How to Craft a Message That Job Seekers Respond To
Coronavirus Will Test How Well Companies Will Function with The Increase of Telecommuters

Is Not Hiring Smokers Discrimination?

Article_IsNOTHiringSmokersDiscrimination_1024x512
To hire a smoker or not to hire a smoker? That is the question! But is it discrimination not to? The answer is surprisingly yes and no, and primarily depends on where you happen to live. It’s a debate that has been recently reignited as U-Haul—the company best known for renting you a truck to help you move—has implemented a nicotine-free hiring policy. As of February 1st of this year, if you a candidate submits an application to work for U-Haul and they smoke cigarettes; they may be in for an unpleasant surprise. While this isn’t the first time a policy like this has been implemented, U-Haul (with its 30,000 employees) is the first major company in its field to do so. Let’s take a closer look at what’s really going on here, shall we?

The Policy

In the official statement from the company, U-Haul stated that they are committed to empowering a healthy workforce.

“We are deeply invested in the well-being of our Team Members,” stated Jessica Lopez, U-Haul Chief of Staff. “Nicotine products are addictive and pose a variety of serious health risks. This policy is a responsible step in fostering a culture of wellness at U-Haul, with the goal of helping our Team Members on their health journey.”

The statement went on to mention which states will be affected. “Individuals seeking U-Haul jobs in the aforementioned 21 states will see statements regarding the nicotine-free hiring policy on applications, and will be questioned about nicotine use. In states where testing is allowed, applicants must consent to submit to nicotine screening in the future to be considered.”

Other aspects of the health initiative include: nicotine cessation for current employees, gym reimbursements, robust benefits packages and more.

Initially, I balked at the idea that a company would go out of their way to chide employees for having a bad habit they can’t get a handle on. Then I got to thinking…do they have a point?

Facts Regarding Smoking

The statistics are pretty grim about what smoking does to your health—as well as what it does to innocent bystanders.  At workplacefairness.org, they report that “Secondhand smoke leads to thousands of nonsmoker deaths per year from lung cancer and heart disease. The CDC also reports that the two places where people are exposed to second hand smoke the most are in the home and —you guessed it—the workplace. This poses the question: if the dangers of smoking are so widely known and readily agreed upon, should non-smoking employees be shielded from it?  What about the rights of the smoker? Do they even have any?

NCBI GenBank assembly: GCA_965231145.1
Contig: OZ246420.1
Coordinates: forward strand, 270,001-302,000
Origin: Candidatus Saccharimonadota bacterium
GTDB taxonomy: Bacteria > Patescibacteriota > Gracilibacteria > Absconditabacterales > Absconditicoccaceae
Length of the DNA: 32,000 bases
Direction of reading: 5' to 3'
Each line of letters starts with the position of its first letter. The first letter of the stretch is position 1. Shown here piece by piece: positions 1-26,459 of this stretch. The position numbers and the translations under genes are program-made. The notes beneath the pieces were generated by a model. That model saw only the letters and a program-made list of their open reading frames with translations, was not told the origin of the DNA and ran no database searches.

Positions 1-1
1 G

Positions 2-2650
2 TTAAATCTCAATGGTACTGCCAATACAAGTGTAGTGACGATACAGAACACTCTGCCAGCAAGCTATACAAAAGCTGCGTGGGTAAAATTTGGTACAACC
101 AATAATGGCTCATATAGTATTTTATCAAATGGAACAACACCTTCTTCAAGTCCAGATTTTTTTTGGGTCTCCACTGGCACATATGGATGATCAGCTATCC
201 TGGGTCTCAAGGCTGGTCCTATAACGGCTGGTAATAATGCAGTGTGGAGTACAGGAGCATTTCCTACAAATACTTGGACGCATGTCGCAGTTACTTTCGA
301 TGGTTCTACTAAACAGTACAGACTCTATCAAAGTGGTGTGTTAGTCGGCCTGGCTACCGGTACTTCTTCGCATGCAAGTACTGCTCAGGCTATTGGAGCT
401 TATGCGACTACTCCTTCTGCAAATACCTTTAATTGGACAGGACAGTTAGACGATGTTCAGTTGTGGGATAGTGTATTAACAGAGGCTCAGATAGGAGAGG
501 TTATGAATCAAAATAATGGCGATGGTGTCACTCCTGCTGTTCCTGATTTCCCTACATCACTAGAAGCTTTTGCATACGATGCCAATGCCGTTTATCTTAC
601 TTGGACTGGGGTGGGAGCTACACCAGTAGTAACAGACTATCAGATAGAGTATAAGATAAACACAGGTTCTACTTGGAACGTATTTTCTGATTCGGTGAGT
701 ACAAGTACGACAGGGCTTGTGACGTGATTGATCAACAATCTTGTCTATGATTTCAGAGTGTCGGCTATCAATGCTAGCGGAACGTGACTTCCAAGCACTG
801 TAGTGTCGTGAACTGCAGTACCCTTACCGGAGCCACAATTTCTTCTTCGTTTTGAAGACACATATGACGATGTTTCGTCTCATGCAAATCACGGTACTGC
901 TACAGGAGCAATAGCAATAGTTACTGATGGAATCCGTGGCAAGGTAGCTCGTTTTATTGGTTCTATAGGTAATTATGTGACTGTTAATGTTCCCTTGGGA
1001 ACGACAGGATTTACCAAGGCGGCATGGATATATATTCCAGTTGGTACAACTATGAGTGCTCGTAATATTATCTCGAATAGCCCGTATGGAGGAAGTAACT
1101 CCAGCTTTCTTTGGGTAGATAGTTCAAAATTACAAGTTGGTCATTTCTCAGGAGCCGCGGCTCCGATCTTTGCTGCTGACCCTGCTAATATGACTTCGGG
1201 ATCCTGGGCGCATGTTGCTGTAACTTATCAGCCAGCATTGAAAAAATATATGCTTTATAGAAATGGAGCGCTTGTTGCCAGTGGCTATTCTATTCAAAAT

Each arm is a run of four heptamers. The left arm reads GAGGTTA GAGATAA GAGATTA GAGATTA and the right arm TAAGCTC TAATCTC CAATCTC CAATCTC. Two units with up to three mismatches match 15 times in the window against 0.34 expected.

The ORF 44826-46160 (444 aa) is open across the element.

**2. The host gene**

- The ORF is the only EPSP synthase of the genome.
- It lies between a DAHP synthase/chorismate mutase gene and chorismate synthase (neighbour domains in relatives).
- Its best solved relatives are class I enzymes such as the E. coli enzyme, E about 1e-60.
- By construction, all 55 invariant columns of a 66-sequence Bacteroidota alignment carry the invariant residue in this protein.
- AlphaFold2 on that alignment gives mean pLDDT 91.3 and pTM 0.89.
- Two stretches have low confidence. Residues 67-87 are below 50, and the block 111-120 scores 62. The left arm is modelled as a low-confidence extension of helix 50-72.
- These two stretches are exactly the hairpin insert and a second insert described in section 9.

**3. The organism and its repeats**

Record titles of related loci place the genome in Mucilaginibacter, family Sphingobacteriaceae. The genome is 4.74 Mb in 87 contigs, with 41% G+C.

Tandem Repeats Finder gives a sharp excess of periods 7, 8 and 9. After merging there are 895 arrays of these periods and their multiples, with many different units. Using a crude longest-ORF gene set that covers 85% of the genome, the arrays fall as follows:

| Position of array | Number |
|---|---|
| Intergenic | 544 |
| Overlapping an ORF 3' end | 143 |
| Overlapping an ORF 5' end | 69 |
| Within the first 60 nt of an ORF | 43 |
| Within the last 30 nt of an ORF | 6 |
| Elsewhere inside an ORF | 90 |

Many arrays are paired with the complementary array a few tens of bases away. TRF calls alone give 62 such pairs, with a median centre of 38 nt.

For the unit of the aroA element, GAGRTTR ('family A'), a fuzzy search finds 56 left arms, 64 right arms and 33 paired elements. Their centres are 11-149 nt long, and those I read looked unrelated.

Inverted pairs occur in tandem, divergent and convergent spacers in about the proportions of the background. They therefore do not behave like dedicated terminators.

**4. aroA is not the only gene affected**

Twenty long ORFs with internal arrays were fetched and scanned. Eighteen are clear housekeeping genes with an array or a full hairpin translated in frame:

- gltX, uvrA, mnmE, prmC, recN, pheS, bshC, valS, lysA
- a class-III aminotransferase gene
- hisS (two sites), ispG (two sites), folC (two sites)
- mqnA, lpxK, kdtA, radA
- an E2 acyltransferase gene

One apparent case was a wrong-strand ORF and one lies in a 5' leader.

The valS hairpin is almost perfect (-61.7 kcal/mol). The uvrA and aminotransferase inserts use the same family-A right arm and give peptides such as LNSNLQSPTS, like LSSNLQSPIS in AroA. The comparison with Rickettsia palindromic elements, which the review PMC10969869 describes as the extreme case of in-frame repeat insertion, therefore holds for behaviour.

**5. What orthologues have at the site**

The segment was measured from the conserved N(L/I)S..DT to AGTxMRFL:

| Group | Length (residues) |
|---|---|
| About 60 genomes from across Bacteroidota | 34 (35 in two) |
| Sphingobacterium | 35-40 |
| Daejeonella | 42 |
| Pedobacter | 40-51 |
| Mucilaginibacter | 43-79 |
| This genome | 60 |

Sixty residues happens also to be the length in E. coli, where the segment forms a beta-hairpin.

Legality

Nope! No. The answer is no. There is absolutely no such thing as the right to smoke anywhere you want. Regulations for when and where people can smoke have been around for a long time—think planes, trains and…not automobiles but federal government property. Most smoking laws take place on the state level and vary from state to state. So, in 21 states, U-Haul’s newest policy will take effect, but in others it won’t, because it contradicts those states’ existing laws. What do I mean?  Well, there are states that do protect a person’s right to be hired even though they smoke. There are currently 29 states that prohibit employers from refusing to hire smokers. Again, it all comes down to which state you live in! Other legal precedent includes companies being permitted to charge more health insurance for employees who smoke. Then, there are also local city and county laws that can impose even stricter regulations on smoking. In the past, when these laws have been challenged, they are usually upheld.

In Conclusion

I’m not a smoker, but part of me does cringe a bit at the thought of a job opportunity being denied to someone due to a nicotine addiction. I think companies who wish to see their workforce smoke-free would be better to incentivize people to quit (bonuses etc.)  rather than barring them completely from employment. That being said, they are perfectly at liberty to hire whomever they wish. It seems to me smokers have one of two options: move—or quit! Hopefully for everyone involved, it’s the latter.

* Disclaimer this article is not offering legal advice, it is simply considering an interesting topic.

Nexxt is a recruitment media company that uses today’s most effective marketing tactics to reach the full spectrum of talent – from active to passive, and everything in between. Learn more about hiring with Nexxt.


This article was written by Jennifer McDowell.

Jennifer McDowell is founder and Editor-at-Large of the website www.deskofjdogood.com, where she interviews authors, artists and entrepreneurs. She enjoys coffee, swimming, and all things Jane Austen!

Comments